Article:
DALLAS -- He's got hot hands and busy fists, which is just about all you can ask from a hockey player who carries a lunch pail to the rink every night.
With three goals in his last six games, Zack Stortini has actually been leading the offensive charge for Edmonton, and with 18 bouts on the year, he's the most active fighter in the NHL.
He's making an impact at a time when the Oilers need it most, when the games are tougher and the stakes are higher.
"Zack played unreal, scored a big goal for us to tie it," head coach Craig MacTavish said of Stortini's work in San Jose, where he came one assist away from the Gordie Howe hat-trick.
"He's just playing smart and hard. He knows where the goals are (in the tough areas in front of the net) and he's not afraid to go there. He'll take the puck there and he'll go there without the puck. He's played great the last while."
All this from a guy who should be stuck in a cast up to his thigh with a season-ending injury.
But somehow, when his leg corkscrewed underneath him in that fight with Brad Staubitz on Jan. 9, nothing happened. Just a minor strain that he shook off in a matter of days.
A player's fate can change in a hurry in pro sports, and all the karma Stortini banked with his Sunday school personality (off the ice, anyway) is paying off big time on the ice.
"Everything happens for a reason," said the 23-year-old, who went with L.A.'s Raitis Ivanans, Phoenix's Todd Fedoruk and San Jose's Alexei Semenov on this trip.
"I'm so thankful for everything that's happened to me. It's been a long road to get here, a lot of hard work. But it's been a lot of fun; I've enjoyed every minute of it.
"I really enjoy playing with my linemates, (Kyle) Brodziak and Reds (Liam Reddox), they're great guys to play with, I get a lot of help from them. It's important to contribute and be more than one-dimensional out there."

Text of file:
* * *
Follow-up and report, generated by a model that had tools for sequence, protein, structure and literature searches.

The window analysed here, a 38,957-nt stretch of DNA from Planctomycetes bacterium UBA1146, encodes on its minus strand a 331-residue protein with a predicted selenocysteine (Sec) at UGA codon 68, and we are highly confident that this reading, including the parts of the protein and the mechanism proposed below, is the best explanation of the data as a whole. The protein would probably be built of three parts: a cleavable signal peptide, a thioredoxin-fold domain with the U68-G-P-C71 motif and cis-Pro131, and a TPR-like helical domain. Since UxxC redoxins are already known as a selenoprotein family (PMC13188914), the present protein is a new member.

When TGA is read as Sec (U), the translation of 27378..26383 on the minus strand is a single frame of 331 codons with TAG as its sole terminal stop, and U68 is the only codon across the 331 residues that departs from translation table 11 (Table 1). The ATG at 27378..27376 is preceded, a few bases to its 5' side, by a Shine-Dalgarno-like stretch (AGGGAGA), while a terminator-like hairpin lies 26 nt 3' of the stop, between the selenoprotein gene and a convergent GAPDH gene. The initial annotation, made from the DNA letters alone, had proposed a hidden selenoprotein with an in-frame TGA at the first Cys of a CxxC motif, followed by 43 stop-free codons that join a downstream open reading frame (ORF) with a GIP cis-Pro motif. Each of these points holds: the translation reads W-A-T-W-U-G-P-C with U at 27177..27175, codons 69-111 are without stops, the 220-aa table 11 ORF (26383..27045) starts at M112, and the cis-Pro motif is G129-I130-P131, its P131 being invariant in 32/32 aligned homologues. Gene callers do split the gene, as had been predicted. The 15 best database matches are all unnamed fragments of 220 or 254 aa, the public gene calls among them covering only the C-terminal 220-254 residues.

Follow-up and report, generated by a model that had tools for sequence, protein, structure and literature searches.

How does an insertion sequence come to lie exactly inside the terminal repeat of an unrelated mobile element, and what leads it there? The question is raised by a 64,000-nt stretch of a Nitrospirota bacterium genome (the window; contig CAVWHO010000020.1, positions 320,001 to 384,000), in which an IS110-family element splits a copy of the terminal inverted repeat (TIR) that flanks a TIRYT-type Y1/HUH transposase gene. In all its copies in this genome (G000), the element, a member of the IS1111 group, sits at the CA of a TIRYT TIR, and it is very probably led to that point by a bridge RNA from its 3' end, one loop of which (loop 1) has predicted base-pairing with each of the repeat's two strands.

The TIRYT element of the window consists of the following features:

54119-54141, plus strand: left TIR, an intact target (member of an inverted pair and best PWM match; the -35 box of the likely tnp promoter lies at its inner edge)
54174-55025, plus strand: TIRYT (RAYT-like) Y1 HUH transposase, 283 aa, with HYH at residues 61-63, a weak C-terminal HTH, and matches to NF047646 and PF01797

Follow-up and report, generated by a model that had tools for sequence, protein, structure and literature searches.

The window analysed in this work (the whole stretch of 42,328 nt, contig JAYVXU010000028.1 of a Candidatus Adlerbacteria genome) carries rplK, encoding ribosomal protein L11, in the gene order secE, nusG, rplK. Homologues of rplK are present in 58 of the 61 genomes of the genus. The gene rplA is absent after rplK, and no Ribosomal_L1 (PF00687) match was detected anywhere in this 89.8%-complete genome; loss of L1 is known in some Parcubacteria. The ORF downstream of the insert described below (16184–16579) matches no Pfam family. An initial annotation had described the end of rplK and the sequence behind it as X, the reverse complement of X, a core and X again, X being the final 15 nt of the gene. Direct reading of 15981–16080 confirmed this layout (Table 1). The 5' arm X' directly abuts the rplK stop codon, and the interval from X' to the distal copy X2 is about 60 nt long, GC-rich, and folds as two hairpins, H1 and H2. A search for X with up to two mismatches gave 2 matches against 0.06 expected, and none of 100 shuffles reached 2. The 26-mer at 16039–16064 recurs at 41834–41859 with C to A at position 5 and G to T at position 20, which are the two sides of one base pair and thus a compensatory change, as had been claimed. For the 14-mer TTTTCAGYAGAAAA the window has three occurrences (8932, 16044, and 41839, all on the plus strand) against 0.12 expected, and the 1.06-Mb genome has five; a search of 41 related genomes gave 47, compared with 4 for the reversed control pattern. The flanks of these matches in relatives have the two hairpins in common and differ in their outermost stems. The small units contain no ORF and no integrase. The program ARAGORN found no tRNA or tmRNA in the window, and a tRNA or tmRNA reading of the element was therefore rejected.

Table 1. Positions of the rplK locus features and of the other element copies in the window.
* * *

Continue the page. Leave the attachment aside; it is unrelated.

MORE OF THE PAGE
There does appear to be a good chemistry developing on the fourth line. Throw in four points from Brodziak in the last four games and they're back to contributing like last year, when Curtis Glencross was one of the team's best spark plugs.
"When Kyle plays that way (with high intensity) it makes a big difference in how the line goes," said MacTavish.
"He was harder on the puck than what he is a lot of nights, His physical game, his emotional game elevated to the intensity of the (San Jose) game, and that's what you look for -- guys who can step in and add to the physical and emotional energy."
Coaches preach going to net till they lose their voices, or their jobs, but a lot of players don't like doing it because it hurts. Goalies hack you, defencemen abuse you, pucks go whizzing past your head, if you're lucky. It's not a fun place to be. But Stortini lives there -- and it's paying off.
"It's a tough area, but if you want goals, that's the place you're going to get them," said Reddox, adding it's always a special feeling when a plumber gets one.
The fourth line has been going so good that MacTavish is thinking about spreading the love around, promoting Stortini to the third line with Ethan Moreau and Cogliano.
"We're getting to the point now where we might see him elevate his role on the team," said MacTavish, who doesn't think Stortini's emergence can be credited to anything but hard work.
"Everybody's game requires maintenance and the guys who put the most maintenance in their game generally are the guys who provide you with the most consistency."